Travis Hafner's first inning RBI single was the game's only run until Ryan Garko broke the game open with a 3-run HR to lead Paul Byrd and two relievers to a shutout victory. Final Score: Indians 4, A's 0.
You had two starters who come at you with 86 MPH, battling 1-0 and at times making it look easy. Meanwhile, the A's two-out curse continued, as Cleveland scored the game's first run after Justin Duchscherer got the first two batters out in the 1st inning, and scored the other three runs after Alan Embree retired the first two batters in the 8th.
The closest the A's came to scoring? That would be when Frank Thomas, on second with two outs, managed not to score on a pop fly single to CF that Grady Sizemore fielded cleanly despite a weird hop and then fired a strike to the plate - the five-pointed thing that seemed to confuse Thomas a bit. The only beef I had with Thomas on that play, because I'm just relieved he didn't get injured in the slide--roll-collision-thingy, is that he really could have had a bigger lead off of second. That's the part he could most control, not the part about being slower than AN 2.0 or not quite knowing how to turn his reconstructed 6' a lot" frame into a gracefully sliding object.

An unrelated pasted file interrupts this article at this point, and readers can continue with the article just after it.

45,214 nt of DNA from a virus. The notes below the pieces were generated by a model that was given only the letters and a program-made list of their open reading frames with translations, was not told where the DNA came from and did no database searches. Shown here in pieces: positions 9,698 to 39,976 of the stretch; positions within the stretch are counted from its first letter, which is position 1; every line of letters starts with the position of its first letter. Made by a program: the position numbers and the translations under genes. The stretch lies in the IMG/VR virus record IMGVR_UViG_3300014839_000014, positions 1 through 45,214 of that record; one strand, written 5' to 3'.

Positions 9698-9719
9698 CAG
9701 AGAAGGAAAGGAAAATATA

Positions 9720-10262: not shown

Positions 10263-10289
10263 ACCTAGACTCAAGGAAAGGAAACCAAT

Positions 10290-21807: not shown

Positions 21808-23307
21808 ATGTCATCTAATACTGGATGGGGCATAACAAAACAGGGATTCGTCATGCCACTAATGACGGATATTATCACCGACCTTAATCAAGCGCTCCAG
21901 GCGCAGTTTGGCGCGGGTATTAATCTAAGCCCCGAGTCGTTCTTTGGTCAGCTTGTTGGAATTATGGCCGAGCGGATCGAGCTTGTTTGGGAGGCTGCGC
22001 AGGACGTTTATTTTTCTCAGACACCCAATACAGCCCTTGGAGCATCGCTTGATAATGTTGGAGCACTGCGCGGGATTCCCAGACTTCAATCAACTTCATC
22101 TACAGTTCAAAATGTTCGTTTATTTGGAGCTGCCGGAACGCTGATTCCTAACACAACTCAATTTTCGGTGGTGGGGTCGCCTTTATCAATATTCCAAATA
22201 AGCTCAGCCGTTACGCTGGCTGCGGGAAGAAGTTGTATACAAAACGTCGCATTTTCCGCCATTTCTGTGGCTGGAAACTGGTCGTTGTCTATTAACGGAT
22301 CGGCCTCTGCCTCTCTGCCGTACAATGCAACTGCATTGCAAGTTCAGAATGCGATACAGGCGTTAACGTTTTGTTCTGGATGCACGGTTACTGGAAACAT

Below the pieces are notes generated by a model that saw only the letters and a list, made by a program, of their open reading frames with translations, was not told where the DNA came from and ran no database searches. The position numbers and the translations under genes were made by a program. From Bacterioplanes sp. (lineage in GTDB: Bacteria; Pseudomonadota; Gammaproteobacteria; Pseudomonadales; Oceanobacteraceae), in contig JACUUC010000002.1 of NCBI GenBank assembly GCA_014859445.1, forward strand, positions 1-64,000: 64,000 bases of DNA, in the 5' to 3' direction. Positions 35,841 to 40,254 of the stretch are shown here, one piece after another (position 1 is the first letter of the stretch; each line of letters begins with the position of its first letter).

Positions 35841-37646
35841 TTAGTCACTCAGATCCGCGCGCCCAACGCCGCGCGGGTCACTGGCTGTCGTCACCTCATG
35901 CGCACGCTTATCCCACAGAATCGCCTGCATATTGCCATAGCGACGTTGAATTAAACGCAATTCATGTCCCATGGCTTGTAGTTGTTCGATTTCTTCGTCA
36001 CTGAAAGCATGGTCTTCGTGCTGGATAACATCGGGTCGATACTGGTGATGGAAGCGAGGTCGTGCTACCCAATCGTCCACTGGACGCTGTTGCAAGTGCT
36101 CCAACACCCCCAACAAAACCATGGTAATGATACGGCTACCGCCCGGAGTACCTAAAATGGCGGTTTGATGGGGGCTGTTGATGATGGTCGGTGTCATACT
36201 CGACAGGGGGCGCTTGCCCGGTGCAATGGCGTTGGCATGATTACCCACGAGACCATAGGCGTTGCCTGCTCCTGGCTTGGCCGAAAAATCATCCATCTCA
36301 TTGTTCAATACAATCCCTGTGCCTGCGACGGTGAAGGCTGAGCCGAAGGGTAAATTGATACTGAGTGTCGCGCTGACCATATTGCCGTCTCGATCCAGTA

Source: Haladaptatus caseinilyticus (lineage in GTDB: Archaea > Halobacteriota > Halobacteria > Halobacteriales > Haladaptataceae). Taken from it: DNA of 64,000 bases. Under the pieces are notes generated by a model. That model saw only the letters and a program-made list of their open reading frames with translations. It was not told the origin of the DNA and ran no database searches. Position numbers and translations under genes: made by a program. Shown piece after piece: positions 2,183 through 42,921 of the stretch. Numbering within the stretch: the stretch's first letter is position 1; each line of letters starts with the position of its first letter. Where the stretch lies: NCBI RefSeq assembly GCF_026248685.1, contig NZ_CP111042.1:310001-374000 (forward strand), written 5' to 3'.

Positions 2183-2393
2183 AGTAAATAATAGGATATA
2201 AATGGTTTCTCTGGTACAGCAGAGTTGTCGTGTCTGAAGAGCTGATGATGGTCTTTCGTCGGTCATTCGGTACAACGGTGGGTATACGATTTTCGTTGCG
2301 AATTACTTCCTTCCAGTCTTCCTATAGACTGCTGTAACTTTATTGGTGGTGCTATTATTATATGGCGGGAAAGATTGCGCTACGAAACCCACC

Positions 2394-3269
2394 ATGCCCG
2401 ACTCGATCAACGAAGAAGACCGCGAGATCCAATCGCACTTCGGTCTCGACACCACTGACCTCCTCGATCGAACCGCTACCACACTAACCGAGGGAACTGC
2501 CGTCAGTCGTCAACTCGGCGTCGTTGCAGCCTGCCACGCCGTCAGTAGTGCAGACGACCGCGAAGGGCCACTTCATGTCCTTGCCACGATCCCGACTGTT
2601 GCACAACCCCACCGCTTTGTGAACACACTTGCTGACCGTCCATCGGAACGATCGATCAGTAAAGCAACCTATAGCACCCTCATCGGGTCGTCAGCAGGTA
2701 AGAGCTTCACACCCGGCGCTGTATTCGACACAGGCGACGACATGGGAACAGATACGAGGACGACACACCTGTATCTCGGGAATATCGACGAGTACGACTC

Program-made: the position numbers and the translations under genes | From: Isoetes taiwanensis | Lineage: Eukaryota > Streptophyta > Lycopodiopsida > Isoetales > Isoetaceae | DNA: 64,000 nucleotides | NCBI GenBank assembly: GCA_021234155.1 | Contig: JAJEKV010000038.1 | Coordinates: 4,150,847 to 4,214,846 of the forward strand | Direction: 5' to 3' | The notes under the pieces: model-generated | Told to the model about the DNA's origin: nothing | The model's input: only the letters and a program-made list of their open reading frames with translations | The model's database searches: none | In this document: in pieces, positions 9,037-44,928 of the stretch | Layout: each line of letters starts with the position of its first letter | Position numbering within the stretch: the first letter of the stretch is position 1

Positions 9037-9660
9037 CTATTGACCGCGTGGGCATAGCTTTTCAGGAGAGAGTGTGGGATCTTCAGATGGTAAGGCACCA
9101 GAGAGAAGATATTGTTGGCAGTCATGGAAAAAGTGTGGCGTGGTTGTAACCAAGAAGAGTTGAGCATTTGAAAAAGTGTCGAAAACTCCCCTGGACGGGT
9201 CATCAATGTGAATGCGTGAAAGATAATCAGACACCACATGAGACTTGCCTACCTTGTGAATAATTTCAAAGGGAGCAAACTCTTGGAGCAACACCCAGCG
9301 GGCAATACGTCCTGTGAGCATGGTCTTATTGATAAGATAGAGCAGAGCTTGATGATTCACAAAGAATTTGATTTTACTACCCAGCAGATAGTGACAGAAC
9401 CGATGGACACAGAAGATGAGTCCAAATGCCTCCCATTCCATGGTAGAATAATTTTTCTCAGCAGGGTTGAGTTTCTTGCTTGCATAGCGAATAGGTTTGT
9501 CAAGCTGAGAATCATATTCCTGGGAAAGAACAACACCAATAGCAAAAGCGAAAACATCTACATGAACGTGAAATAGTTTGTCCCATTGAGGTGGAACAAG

But the real bottom line today is this: The Indians played as close to a perfect game as a baseball team can play. Byrd was masterful (which is the word beginning with "mast" that I am most comfortable associating with Byrd), and Cleveland's defense was nothing short of sensational. David Dellucci's leaping catch was very good, Sizemore's play on Thomas excellent, his diving catch phenomenal, and Asdrubal Cabrera's over-the-shoulder diving catch in short CF as good a play as you will see.
So after the "grrr we lost" wears off, we can look back at this game and just appreciate that we saw some exceptional baseball on display by the Indians. Maybe tomorrow it will be the A's day - we'll see see.